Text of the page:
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Committee unanimously rejects EcoLife owner's bid to get his business license back

Dave Murray didn't even show up to listen to his angry former clients tell their stories
Wednesday's hearing committee meeting was all but an open and shut case, with a unanimous vote to uphold the decision to revoke EcoLife Home Improvements owner Dave Murray's business license. (File)

Wednesday's hearing committee meeting at Tom Davies Square was all but an open and shut case as the committee voted unanimously to uphold the decision to revoke EcoLife Home Improvements owner Dave Murray's business license.

Close to two dozen people gathered in council chambers Wednesday, a handful of them taking the opportunity to speak to the committee about their experiences with Murray and his company.

Murray was a no-show at the afternoon meeting. Hearing committee chair Mark Signoretti said Murray told him he would not be attending due to a court appearance scheduled for the same day. The embattled contractor was scheduled to make an appearance at the Sudbury Courthouse on Wednesday morning on theft and trafficking of stolen property charges. He didn't show up to that, either.

The judge in his criminal case issued a discretionary bench warrant for Murray, meaning he must show up to his next scheduled court date Sept. 9. Otherwise, the judge can order a bench warrant for Murray's arrest. Murray is also scheduled to appear in court Aug. 28 on still another criminal matter involving more than 20 fraud charges for which is still seeking a legal aid lawyer. 

During Wednesday's meeting, the hearing committee heard from a number of people who said they were victimized by Murray and EcoLife – and lost thousands of dollars in the process. 

"He knows who he is targeting and this is just a small portion of those people," said David Curtis, one of the last people to speak Wednesday.

Another one of Murray's victims, Lori Ferguson, said even though EcoLife is no longer operating, Murray is still out there under a different company name. The company in question -- Maple Ridge Property Managements -- was registered by Murray's wife, Pamala Facendi, on April 15, days after EcoLife's license had been revoked.

Melissa Laalo, the city's acting manager of bylaw enforcement, confirmed they received business license application from Maple Ridge Property Managements, but the application had been rejected.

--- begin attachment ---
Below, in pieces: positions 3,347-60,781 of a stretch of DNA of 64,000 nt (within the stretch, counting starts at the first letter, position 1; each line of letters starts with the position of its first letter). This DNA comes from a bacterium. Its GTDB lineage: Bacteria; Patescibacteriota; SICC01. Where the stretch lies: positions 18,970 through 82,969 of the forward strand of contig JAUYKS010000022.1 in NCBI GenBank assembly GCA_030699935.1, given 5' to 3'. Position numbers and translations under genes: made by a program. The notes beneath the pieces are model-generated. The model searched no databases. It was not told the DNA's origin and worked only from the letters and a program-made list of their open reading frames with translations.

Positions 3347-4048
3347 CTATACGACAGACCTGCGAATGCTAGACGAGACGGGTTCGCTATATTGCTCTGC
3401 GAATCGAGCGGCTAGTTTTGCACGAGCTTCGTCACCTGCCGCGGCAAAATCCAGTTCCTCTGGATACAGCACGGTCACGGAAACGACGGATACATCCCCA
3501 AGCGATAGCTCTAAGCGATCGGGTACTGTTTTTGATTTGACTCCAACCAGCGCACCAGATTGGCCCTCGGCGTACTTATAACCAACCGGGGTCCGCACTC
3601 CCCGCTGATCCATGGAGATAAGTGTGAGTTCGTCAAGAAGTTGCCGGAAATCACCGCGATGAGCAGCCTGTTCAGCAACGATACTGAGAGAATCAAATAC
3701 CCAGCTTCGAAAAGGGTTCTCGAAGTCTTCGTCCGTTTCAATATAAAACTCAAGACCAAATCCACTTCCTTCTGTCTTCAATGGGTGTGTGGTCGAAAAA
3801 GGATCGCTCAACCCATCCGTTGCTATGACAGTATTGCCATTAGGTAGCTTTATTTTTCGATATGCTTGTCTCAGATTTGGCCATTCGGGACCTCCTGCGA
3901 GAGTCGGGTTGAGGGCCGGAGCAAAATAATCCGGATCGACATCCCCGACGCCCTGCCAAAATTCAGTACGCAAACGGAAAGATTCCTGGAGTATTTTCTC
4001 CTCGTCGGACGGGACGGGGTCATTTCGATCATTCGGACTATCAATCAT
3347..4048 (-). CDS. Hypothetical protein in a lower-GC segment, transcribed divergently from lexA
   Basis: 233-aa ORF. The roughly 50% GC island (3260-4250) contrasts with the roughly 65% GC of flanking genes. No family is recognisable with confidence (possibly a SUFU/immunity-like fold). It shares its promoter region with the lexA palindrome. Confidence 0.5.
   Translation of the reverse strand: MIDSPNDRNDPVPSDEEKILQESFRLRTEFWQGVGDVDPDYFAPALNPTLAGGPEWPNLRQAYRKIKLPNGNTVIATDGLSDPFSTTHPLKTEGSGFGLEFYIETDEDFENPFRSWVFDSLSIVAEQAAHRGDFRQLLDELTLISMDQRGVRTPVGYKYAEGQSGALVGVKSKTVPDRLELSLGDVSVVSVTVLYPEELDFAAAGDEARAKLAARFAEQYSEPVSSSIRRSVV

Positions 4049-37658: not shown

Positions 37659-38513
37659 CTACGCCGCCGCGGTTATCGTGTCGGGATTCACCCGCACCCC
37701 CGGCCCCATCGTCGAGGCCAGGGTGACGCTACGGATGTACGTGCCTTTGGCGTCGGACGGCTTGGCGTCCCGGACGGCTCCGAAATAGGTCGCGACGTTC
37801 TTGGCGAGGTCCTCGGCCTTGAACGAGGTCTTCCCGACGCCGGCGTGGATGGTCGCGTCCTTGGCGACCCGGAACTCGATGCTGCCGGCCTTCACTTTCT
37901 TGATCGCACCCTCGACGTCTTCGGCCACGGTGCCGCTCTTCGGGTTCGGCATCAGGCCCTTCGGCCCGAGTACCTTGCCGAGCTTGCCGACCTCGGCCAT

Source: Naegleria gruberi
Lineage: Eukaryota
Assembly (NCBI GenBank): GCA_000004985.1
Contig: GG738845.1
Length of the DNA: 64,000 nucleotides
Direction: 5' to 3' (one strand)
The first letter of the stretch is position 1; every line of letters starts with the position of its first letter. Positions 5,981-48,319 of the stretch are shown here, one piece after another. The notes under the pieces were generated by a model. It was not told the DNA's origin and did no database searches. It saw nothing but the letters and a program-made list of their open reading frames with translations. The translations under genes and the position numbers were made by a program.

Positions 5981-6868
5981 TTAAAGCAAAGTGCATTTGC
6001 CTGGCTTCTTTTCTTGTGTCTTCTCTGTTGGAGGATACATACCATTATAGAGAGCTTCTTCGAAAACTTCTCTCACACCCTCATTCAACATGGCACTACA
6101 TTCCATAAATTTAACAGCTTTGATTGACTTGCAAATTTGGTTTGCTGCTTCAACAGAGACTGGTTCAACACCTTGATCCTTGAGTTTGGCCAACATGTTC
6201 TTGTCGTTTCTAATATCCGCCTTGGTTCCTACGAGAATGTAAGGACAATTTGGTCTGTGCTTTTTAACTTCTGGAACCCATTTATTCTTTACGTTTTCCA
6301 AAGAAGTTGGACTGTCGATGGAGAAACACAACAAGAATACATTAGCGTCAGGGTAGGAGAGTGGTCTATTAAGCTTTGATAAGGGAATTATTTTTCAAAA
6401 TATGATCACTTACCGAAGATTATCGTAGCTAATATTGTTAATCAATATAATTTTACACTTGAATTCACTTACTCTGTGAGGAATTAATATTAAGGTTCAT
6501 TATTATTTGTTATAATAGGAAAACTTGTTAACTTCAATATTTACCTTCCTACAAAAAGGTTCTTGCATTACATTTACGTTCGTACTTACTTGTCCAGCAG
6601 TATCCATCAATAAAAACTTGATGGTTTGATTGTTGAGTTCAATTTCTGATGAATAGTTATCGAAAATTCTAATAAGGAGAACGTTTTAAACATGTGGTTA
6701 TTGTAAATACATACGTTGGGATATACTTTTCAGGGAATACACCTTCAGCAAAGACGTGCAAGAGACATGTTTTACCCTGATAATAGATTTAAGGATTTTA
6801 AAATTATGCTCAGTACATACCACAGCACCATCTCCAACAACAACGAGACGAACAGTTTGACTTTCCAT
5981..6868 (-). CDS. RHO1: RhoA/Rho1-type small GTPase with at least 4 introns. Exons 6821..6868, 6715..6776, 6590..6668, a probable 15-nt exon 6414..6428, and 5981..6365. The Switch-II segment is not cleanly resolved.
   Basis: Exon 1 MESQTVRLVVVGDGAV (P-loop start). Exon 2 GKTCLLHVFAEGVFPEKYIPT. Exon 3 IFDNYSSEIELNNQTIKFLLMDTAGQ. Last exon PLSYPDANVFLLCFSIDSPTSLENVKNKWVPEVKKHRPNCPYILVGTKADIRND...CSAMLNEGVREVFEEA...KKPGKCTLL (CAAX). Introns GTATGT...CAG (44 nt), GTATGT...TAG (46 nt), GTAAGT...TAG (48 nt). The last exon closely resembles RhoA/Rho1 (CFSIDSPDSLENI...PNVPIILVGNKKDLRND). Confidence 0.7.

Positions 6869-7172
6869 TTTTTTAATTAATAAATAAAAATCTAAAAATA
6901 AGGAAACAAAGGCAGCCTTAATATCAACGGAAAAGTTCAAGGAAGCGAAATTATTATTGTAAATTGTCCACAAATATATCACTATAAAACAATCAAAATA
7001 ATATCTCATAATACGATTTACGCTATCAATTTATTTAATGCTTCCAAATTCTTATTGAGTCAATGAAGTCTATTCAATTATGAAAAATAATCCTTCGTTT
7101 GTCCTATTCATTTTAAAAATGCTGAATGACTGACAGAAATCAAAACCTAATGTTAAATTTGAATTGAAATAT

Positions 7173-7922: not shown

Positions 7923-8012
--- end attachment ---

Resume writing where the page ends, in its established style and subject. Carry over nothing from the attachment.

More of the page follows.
Ward 11 Coun. Bill Leduc, the most vocal of the hearing committee members in attendance on Wednesday, was joined by Ward 10 Coun. Fern Cormier and Ward 6 Coun. René Lapierre, along with chair Signoretti from Ward 1. Ward 2 Coun. Michael Vagnini was absent. 

Leduc made it clear the public needs to know about Maple Ridge Property Managements in order to prevent an ordeal similar to what victims of EcoLife are going through. He has spent the better part of 25 years working in sales and is more than familiar with how contracts work, Leduc said. He has been following Murray's court proceedings very closely, and said Murray is nothing more than a bully and a con man.

"He picks out his targets, he deals with the elderly, he bullies them," said Leduc. "He could be charged with elder abuse for this kind of stuff. With all the people we had here today, for Mr. Murray to even appeal this, there's got to be some marbles missing. Personally, I'd like to see him get jail time for this."

Cormier asked city staff whether some type of rebate could be offered to EcoLife victims, such as refunding the building permit fees Murray paid on their behalf for work he never completed. 

"Is there a mechanism in our system where we can look at building permits (issued to EcoLife) and match them with fees on these potentially fraudulent contracts?" Cormier asked.

"If there's anything we can do to compensate the victims it's worth looking at," said Leduc. 

Laalo said she's not aware of any cases where that has been done, but it is something the city's building services and legal departments can look in to and report back.

The hearing committee's unanimous recommendation to uphold the decision to revoke Murray's business license will now be passed along to city council at their next meeting Sept. 10.

Once the decision is ratified by city council, it all but marks the end of the line for Dave Murray's business dealings in the Greater Sudbury, as a license revocation will be attached to his name, as well as to any business he or any of his affiliates are attached to in the future.

Matt Durnan

About the Author: Matt Durnan

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